Kenya: To stem fuel crisis, government set to pay back dues on subsidies

By Morris Kiruga
Posted on Tuesday, 5 April 2022 16:00

Boda Boda motorcycle taxi workers stand in line to fuel at a gas station in Nairobi
Boda Boda motorcycle taxi workers stand in line to fuel at a gas station in Nairobi, Kenya, April 4, 2022. REUTERS/Baz Ratner

The Kenyan government is set to pay back dues on subsidies to oil marketers this week, in a bid to end the ongoing fuel crisis in the country. 

The fuel shortage in Kenya, which began last week in the Western and North Rift regions, has now spread to the capital Nairobi, resulting in long queues of motorists and boda doda (motorcycle taxi) operators at stations that still have stock.

To curb hoarding and stretching of existing supplies, some stations have introduced limits on purchases, ranging between KSh1000 ($8.69) and KSh2000 in parts of Nairobi.

Oil companies triggered the shortage after they disrupted the sale of fuel and related products in protest of delayed subsidy payments. The government rolled out subsidies in April 2021 to reduce the pump price and get ahead of inflationary pressures as a result of rising global oil prices.

Subsidy model

During a radio interview over the weekend, the energy and petroleum principal secretary, Andrew Kamau, said the subsidy model and the rising price of oil globally have created cash flow problems for some oil companies.

He however accused private oil retailers of creating an artificial shortage, which – according to him – is what has triggered widespread panic buying. “If we all lived the way we normally live, I don’t think there’d be an issue,” he said.

The dispute has led to unconfirmed reports that some oil firms have redirected fuel from Kenya to Uganda and Tanzania.

In the subsidy model, the government reimburses oil companies for fuel already sold, forcing them to either tap into their cash reserves or seek loans to meet costs and cover taxes before they get reimbursed from the subsidy payments.

Profit margins have suffered a hit due to fixed pump prices that have kept oil companies’ margins at zero; long delays in subsidy payments and fluctuating oil prices.

“The recent escalation of international prices of petroleum products is generating a very strong economic squeeze resulting in fuel supply constraints,” the local subsidiary of French multinational Rubis Energy said in a statement.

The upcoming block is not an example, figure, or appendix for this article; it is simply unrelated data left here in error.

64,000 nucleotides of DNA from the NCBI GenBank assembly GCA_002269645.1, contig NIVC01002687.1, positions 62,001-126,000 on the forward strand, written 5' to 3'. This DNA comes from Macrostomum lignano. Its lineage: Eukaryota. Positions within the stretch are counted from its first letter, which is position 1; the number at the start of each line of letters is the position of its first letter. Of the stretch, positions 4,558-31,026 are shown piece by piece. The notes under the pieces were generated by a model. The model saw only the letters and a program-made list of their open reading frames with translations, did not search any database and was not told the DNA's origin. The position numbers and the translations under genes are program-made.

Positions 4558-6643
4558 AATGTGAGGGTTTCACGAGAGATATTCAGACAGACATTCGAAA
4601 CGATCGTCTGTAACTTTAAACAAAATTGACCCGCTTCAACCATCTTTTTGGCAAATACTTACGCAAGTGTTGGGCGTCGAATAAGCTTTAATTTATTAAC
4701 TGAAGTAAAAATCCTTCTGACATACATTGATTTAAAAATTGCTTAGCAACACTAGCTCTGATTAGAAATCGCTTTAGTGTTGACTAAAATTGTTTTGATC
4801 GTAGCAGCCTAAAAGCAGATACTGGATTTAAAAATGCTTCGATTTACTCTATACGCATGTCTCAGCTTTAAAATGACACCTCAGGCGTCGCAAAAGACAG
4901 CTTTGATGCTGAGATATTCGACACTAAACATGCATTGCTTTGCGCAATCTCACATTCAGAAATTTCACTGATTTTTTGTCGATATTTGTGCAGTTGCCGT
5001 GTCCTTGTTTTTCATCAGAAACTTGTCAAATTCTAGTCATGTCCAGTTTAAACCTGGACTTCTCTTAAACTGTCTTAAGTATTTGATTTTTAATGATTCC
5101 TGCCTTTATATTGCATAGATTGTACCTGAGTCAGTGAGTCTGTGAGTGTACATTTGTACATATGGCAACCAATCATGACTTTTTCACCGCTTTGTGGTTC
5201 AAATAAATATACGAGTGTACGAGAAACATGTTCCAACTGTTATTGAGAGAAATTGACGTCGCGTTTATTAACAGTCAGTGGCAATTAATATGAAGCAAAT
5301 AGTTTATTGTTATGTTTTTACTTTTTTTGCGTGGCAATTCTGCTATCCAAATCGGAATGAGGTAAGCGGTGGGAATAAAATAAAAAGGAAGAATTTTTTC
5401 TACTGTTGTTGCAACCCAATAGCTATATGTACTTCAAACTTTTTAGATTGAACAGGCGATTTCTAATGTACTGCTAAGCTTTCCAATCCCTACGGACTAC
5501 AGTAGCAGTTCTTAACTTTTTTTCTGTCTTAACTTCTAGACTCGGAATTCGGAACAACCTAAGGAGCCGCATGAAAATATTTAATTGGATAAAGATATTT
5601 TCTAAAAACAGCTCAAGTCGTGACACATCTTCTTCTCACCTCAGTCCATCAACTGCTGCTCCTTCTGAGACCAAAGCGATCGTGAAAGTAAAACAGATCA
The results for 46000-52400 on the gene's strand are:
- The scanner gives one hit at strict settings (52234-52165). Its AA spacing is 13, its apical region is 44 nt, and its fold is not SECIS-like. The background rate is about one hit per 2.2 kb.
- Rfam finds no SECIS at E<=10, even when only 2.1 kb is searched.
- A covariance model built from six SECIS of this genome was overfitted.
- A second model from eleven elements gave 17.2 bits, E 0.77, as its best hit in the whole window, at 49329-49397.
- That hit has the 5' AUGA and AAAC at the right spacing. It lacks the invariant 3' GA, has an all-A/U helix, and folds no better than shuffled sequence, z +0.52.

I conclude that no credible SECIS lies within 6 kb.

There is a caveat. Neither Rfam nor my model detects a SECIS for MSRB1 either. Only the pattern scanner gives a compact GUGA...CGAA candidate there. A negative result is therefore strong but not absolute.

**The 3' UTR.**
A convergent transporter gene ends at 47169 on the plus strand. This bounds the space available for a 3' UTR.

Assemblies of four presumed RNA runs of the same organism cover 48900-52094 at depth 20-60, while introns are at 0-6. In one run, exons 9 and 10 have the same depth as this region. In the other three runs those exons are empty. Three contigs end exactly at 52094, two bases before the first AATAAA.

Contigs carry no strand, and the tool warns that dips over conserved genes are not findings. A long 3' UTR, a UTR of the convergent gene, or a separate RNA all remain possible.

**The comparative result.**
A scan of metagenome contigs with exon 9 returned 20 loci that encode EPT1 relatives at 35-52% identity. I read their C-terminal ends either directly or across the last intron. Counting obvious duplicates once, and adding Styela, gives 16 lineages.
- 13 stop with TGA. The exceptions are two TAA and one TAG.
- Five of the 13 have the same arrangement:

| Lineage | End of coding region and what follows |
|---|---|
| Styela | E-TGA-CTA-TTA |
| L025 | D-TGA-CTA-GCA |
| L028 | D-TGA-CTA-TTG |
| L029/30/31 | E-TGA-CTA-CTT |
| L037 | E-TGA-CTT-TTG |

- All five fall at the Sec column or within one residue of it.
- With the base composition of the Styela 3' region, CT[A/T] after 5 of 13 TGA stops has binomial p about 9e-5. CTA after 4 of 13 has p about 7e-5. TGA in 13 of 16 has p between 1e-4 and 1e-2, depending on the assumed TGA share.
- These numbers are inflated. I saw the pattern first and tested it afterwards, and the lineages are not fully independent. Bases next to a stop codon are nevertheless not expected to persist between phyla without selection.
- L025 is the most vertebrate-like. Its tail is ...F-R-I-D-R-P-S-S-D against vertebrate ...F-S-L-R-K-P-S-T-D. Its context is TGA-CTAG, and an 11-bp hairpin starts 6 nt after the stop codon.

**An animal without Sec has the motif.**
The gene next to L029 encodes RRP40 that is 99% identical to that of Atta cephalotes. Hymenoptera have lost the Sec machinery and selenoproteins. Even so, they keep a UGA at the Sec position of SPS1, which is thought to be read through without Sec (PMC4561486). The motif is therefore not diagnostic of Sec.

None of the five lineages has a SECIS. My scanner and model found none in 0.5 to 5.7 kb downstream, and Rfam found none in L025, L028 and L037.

The dispute has led to unconfirmed reports that some oil firms have redirected fuel from Kenya to Uganda and Tanzania.

The two sides also dispute how much is owed. Oil companies claim they are owed more than KSh20bn, while the government says the figure is KSh13bn and that the delay is not unusual.

Price review

In addition to the subsidy dispute, oil companies also want the laws changed to allow for retail price reviews every two weeks instead of the current monthly reviews.

In its mid-March review, which set prices until 14 April, the country’s energy regulator increased the price of petrol and diesel by KSh5 to stand at KSh134.72 and KSh115.60 respectively. The price of kerosene, a vital household commodity in Kenya, however remained unchanged at KSh103.54.

To keep the pump prices at these levels, the government is paying subsidies ranging between KSh20.39 and KSh27.56 per litre. Kenya’s Central Bank Governor Patrick Njoroge said at a press conference last week that the fuel subsidy will remain for the foreseeable future, but “there will be adjustments that will put some burden on the consumers”.

On Monday, President Kenyatta signed a supplementary budget adding an additional KSh34.4bn to the fuel subsidy program, according to a statement from State House Nairobi.

Food security complications

Although it may be short-lived, the fuel shortage is bound to further complicate Kenya’s food security plans as it has disrupted the ongoing planting season.

The agricultural sector has been reeling from a spike in the price of inputs, particularly fertilisers. The supplementary budget signed by President Kenyatta includes a KSh5.7bn subsidy on fertiliser prices, which first spiked due to Covid-19 disruptions on supply chains and are now further disrupted due to export restrictions by the biggest producer countries, as well as the Russia-Ukraine conflict.

The subsidy allows farmers to pay less than half the going price for most fertilisers, but all farmers – both large and small scale-are limited to 20 bags each.

The much-needed subsidy programme is meant to support cultivation of 1.13 million acres as the government tries to ensure food security. Food inflation, characterised by high price of inputs and failed rains, increased to 9.9% in March from 8.7% in February, the Central Bank of Kenya said in its bulletin issued in the first week of April.

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